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Facebook Facial Recognition

In a preview of how Facebook Inc. FB 2.32% is changing its privacy policies, the site this week will start asking European users for permission to use their personal data to power features like facial recognition and some forms of targeted advertising.

Even with the updates, opting out of those features will remain more difficult than sharing such information with the social-media giant.

As part of the changes, Facebook will this week begin to prompt its users in Europe to decide whether they would like to see targeted ads based on political, religious and relationship details they share on their profiles or from data collected by some of Facebook’s external partners. Facebook will also ask users to explicitly allow the company to use its facial-recognition technology, which the company relies on to identify people in images.

Facebook said it would allow users in the U.S. and the rest of the world to review those details in coming months.

The moves are part of Facebook’s requirement to address tougher European data-use laws taking effect next month, but also reflect its broader push to allay user concerns over the company’s handling of their personal information. Those concerns mounted following Facebook’s disclosure last month that Cambridge Analytica, a data-analytics firm that worked for the 2016 Trump campaign, bought Facebook data belonging to tens of millions of users.

A rendering of Facebook privacy settings show the app asking users about facial recognition. Photo: Facebook

Since that scandal broke, company executives including Chief Executive Mark Zuckerberg have repeatedly said that users have full control over their data.

But even after the latest changes, users who don’t want to give Facebook access to their data must go through a few more steps before Facebook accepts their decision, according to mock-ups of the permission screens shown to reporters Tuesday and unveiled to users on Wednesday.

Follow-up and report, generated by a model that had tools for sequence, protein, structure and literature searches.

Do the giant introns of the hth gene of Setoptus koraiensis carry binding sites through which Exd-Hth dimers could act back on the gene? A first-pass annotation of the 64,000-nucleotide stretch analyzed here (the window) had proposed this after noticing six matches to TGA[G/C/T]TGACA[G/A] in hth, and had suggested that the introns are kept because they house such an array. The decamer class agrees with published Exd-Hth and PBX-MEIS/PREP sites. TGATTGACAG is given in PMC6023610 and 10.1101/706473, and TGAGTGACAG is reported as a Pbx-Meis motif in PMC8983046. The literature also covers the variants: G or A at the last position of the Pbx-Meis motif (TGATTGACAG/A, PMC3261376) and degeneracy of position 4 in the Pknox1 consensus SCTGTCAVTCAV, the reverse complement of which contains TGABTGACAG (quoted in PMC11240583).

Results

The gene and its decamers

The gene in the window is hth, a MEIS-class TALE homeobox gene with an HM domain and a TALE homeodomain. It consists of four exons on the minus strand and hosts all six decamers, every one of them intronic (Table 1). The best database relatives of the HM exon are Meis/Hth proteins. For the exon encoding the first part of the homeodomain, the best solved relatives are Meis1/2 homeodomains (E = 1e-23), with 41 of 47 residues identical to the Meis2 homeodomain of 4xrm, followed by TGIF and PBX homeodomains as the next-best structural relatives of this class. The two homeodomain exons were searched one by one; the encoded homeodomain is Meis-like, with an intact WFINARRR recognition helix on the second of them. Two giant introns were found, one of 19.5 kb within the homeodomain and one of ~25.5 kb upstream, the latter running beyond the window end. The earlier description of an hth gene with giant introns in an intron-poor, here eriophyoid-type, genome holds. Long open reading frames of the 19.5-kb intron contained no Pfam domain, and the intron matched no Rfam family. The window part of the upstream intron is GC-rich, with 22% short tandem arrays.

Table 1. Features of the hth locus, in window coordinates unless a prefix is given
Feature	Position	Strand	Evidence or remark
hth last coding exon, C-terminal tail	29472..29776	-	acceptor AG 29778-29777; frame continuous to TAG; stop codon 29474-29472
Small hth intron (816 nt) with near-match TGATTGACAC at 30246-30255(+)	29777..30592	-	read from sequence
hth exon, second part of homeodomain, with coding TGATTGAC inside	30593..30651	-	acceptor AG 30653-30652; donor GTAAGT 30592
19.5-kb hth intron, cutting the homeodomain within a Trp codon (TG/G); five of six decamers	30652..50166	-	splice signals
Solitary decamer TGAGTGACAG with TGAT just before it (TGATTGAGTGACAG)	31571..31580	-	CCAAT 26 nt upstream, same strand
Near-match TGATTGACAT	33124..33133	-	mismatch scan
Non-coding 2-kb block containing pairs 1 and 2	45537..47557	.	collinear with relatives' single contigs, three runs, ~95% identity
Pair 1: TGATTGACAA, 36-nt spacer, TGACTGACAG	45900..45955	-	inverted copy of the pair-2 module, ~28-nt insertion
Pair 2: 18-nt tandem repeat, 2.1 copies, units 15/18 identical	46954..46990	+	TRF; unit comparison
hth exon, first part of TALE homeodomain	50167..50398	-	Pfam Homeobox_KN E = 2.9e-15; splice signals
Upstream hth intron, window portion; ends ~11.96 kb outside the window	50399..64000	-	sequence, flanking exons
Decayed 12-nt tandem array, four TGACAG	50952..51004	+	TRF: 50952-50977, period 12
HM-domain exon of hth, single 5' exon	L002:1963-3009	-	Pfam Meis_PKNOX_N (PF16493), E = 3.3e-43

Facebook hasn’t built a way for users to decline to provide more data with a single tap. Instead, its permission screens include an “accept and continue” button in bright blue and a more subtle white button called “manage settings” for those who don’t want to provide the site with more information.

In a briefing with reporters Tuesday, Facebook officials acknowledged that it took more steps to refrain from sharing data, but argued that the options were clear. “For people who want to go through and accept these, they’d be able to do that,” Deputy Chief Privacy Officer Rob Sherman said. ”If people don’t want to accept that, it’s easy to do that as well. The choices are accept and continue or manage settings.”

The changes are the latest in a series the company has made in recent months to comply with the new European data-use law, called the General Data Protection Regulation, or GDPR, which goes into effect May 25. Passed in 2016 after more than four years of debate, the new law tightens privacy restrictions on any company that collects or uses data about anyone in the European Union.

Facebook’s new consent boxes aren’t likely to shield the company from scrutiny. One major issue that privacy activists raise: The company doesn’t offer a way to opt out of the company’s collection of data about its users when they aren’t on Facebook, even if it offers a way for them to turn off targeted ads based on that information.

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